Posted by: A Part of the Solution | January 26, 2013

Future Farmers of America

America’s farmers are aging. As a profession, even one with a longer arc of employment than most, farmers are come to the age of retirement. American farmers now average 62 years of age. Who will farm the land in the decades to come? Who will be farming the land one decade from now?

Agriculture departments at the university level have a two track approach to farming. At one end, they train technicians how to operate machinery and apply clean ratios of seed, fertilizer and pesticide to a given tract of land over time. They train these same technicians to CAFO principles and operations if the students choose to specialize in livestock processing.

At the other end, the ag departments of America are training research scientists to find an area of specialization useful to the military-agricultural complex in order to make a living by means of tame research and development for multinationals. As when the medical establishment requires of medical doctors only one semester of nutrition in order to become a healer of persons, so the emphasis in formal agricultural education is anywhere but on soil and stewardship.

Funnily enough, most folks don’t picture a guy in a tractor the size of Rhode Island when someone says the word, ‘farmer’. Most people visualize a person who works with the land and the soil and limitations of the weather, or its excesses, to grow and raise food and textiles when they hear the word, ‘farmer’. And this disconnect is telling.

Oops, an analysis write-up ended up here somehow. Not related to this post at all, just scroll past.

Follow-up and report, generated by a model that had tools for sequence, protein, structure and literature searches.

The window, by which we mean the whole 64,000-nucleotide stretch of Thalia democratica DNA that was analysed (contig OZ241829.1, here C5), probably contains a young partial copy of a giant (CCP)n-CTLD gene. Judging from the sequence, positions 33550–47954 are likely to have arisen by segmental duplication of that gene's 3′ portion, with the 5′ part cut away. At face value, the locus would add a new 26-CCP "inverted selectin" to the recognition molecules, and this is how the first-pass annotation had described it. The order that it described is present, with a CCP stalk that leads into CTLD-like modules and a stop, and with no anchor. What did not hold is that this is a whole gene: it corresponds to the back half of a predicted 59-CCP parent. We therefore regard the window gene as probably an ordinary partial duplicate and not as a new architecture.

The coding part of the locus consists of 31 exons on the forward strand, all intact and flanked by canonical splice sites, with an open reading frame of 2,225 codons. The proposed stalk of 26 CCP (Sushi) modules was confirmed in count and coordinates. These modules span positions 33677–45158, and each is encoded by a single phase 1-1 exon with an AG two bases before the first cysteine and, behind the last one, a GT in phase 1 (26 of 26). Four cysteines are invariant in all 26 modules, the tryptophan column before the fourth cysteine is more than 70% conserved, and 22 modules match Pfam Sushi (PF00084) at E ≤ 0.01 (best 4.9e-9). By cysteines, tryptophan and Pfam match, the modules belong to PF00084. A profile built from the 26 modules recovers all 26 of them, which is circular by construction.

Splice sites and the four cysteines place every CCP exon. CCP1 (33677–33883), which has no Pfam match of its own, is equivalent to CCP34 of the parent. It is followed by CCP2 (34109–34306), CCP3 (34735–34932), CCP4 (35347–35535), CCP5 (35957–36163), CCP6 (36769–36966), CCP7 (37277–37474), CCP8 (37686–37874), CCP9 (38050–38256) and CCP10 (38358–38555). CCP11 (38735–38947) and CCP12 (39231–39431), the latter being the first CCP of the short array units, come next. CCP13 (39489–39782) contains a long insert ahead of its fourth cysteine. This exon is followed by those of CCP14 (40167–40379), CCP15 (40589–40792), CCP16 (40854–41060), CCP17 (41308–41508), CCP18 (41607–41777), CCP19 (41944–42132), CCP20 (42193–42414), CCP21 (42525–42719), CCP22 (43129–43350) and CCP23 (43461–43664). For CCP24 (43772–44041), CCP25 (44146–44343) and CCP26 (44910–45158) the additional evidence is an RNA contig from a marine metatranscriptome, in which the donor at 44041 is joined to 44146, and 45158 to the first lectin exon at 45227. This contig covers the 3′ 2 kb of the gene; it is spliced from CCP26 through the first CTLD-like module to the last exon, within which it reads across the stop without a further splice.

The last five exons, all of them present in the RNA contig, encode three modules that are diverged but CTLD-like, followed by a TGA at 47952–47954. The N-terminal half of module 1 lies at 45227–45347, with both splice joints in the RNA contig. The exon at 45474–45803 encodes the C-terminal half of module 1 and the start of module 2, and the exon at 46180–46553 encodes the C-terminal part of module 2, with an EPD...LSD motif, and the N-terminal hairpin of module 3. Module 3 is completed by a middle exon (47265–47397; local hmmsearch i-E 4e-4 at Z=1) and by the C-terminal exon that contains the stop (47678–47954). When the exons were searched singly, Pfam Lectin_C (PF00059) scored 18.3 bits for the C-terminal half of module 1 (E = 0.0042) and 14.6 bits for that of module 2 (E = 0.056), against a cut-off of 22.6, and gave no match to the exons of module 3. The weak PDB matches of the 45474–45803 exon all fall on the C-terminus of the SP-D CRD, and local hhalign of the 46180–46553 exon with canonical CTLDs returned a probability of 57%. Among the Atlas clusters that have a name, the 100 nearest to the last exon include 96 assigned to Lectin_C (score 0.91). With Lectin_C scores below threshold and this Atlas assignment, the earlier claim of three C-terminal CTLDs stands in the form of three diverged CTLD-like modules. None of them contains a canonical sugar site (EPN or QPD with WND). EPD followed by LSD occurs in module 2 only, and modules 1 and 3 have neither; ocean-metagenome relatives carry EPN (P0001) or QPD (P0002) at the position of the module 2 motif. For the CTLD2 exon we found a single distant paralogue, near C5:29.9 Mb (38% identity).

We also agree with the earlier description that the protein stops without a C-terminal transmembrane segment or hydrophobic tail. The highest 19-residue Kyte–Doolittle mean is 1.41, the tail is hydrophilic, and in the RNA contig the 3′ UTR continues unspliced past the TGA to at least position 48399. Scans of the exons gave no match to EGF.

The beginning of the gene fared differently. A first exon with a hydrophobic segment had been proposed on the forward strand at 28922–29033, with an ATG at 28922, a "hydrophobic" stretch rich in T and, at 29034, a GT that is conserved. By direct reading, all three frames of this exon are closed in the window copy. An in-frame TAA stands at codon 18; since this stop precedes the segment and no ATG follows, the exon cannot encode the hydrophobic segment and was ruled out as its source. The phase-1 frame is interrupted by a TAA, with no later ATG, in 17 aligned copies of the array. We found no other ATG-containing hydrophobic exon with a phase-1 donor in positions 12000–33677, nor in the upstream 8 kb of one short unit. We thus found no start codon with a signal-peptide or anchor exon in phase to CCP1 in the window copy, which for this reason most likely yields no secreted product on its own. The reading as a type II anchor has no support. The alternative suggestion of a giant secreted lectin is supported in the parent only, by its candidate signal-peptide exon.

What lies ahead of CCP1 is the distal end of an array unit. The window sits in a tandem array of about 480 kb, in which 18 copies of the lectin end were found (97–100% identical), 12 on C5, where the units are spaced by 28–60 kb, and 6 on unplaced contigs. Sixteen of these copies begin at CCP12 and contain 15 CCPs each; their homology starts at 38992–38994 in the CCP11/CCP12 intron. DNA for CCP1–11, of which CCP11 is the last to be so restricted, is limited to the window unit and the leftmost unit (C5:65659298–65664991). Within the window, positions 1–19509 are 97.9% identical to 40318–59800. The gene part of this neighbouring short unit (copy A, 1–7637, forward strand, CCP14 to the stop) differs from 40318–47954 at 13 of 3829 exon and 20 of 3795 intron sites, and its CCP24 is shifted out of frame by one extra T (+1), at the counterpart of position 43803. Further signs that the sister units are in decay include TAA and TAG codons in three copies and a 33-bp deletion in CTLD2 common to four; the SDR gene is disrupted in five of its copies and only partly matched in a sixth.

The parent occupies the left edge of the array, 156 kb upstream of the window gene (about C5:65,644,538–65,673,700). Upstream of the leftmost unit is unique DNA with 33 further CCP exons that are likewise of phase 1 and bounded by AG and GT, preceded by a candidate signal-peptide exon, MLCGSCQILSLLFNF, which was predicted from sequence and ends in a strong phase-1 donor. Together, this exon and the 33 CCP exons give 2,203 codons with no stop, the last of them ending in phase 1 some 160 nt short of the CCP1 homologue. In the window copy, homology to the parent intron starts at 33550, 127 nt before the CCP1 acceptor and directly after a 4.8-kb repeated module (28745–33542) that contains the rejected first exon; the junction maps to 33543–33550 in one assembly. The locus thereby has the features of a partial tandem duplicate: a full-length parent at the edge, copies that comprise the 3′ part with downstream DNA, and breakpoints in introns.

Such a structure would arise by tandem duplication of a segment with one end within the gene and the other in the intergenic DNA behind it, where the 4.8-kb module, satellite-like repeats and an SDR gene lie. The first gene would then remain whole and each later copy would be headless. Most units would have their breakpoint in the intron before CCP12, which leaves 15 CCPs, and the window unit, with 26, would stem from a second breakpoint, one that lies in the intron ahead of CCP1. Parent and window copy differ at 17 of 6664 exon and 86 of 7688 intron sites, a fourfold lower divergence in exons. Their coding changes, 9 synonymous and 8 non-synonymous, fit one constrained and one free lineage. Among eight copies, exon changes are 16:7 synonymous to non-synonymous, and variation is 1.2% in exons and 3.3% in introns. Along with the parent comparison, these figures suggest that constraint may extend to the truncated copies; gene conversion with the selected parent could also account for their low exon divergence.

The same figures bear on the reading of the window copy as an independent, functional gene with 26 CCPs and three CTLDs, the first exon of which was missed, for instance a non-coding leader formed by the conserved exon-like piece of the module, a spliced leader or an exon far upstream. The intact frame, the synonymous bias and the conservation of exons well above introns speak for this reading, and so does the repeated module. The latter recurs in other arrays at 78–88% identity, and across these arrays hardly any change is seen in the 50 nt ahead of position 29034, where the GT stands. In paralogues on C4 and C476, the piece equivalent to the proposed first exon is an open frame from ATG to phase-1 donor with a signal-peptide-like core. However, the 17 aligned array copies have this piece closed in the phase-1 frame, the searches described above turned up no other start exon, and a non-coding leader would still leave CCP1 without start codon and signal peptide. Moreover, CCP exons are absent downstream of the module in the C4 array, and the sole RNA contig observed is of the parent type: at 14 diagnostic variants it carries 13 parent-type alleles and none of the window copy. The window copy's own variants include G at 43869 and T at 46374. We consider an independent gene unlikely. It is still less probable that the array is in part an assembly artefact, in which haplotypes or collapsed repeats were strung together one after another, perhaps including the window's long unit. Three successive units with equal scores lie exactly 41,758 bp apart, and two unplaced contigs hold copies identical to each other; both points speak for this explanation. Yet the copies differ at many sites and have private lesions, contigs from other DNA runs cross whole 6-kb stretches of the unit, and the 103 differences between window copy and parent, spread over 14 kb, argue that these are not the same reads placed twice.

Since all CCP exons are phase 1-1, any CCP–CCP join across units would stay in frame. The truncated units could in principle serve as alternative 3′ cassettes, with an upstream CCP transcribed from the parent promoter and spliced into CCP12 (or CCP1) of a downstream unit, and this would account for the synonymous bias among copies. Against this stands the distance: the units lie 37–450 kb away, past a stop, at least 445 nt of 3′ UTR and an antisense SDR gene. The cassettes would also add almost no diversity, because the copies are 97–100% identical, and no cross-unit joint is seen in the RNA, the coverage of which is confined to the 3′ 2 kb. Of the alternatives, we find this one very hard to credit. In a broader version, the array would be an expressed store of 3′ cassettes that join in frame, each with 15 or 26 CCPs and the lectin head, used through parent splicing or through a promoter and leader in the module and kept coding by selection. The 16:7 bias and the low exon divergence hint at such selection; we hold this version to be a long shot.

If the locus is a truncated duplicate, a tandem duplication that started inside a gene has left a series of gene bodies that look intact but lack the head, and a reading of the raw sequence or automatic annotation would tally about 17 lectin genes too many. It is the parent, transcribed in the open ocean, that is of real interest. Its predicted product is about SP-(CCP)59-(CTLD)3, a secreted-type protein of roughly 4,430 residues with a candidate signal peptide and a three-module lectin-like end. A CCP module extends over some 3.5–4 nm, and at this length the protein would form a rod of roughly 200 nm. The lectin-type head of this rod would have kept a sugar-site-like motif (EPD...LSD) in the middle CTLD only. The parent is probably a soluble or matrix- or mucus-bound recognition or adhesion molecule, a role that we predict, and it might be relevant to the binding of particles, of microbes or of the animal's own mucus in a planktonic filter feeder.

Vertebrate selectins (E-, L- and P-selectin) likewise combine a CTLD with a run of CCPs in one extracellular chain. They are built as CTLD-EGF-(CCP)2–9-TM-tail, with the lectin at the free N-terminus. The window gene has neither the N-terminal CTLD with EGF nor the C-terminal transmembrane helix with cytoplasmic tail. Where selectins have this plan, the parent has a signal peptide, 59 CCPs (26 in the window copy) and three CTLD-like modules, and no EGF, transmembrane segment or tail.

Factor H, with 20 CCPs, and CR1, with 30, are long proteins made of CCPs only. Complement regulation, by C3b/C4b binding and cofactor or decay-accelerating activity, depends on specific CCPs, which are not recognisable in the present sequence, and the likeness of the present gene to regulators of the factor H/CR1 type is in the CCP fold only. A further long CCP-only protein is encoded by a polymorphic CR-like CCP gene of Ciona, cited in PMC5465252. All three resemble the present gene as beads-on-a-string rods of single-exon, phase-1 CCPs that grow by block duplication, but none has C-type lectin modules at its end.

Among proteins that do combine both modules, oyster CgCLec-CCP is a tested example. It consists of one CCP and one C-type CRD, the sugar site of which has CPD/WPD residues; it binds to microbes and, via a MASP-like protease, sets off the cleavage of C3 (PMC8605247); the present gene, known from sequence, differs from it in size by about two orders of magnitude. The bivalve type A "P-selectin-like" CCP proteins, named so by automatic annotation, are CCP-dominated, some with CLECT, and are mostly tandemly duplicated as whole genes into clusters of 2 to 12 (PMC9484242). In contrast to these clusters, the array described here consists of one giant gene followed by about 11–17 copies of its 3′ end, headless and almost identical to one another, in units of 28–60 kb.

No one really wants to grow up to operate the big tractors with their own heating and cooling systems for the cab. Well, OK. A few people really, really want to operate and maintain the big machines. For them it’s a calling. For everyone else, farming speaks to a connection with the weather, with the cycles of the seasons, with the cycles of the plants, with the cycles of the livestock.

Our future farmers are taking lots of environmental classes as a minor to law prep or sociology or geology or food studies. Our future farmers are diligently learning the skills they know will come in most handy when they go through the Peace Corps induction process. Our future farmers are taking some time off before starting their M.A. in comparative 17th c. Caribbean lit and stretching their dollars by WWOOFing. Our future farmers are volunteering at a vertical, urban, elementary school garden in a transitioning neighborhood on weekends and after work. Our future farmers have started a food justice farmers market in church basements to equalize the food desert problem for urban residents without cars.

The USDA needs to find a way to reach out to these people and tell them about the Beginning Farmers programs, and assign new farmers bureaucratic mentors to walk them through the best of all possible grant and loan application cycles to start their farming experience on the right foot. New farmers need to know what steps they can make to prepare themselves for the kind of farming they might like to do. New farmers need to have the range of possible niches explained to them. New farmers need to understand how to budget and bridge production gaps while they get their operations up to size. If the USDA can reach out in this fashion, the department will secure to itself a segment of the American populace which it may continue to serve.

Otherwise, the USDA may be Balkanized as a branch of the Department of Commerce. About 45% of America’s agricultural output comes from just 200,000 farms. The number of farms continues to shrink as the agricultural multinationals consume individual operations.

Can we teach ourselves to see agriculture as something  beyond commerce? Can we bring stewardship back to land management and livestock development? Can we do so in time?


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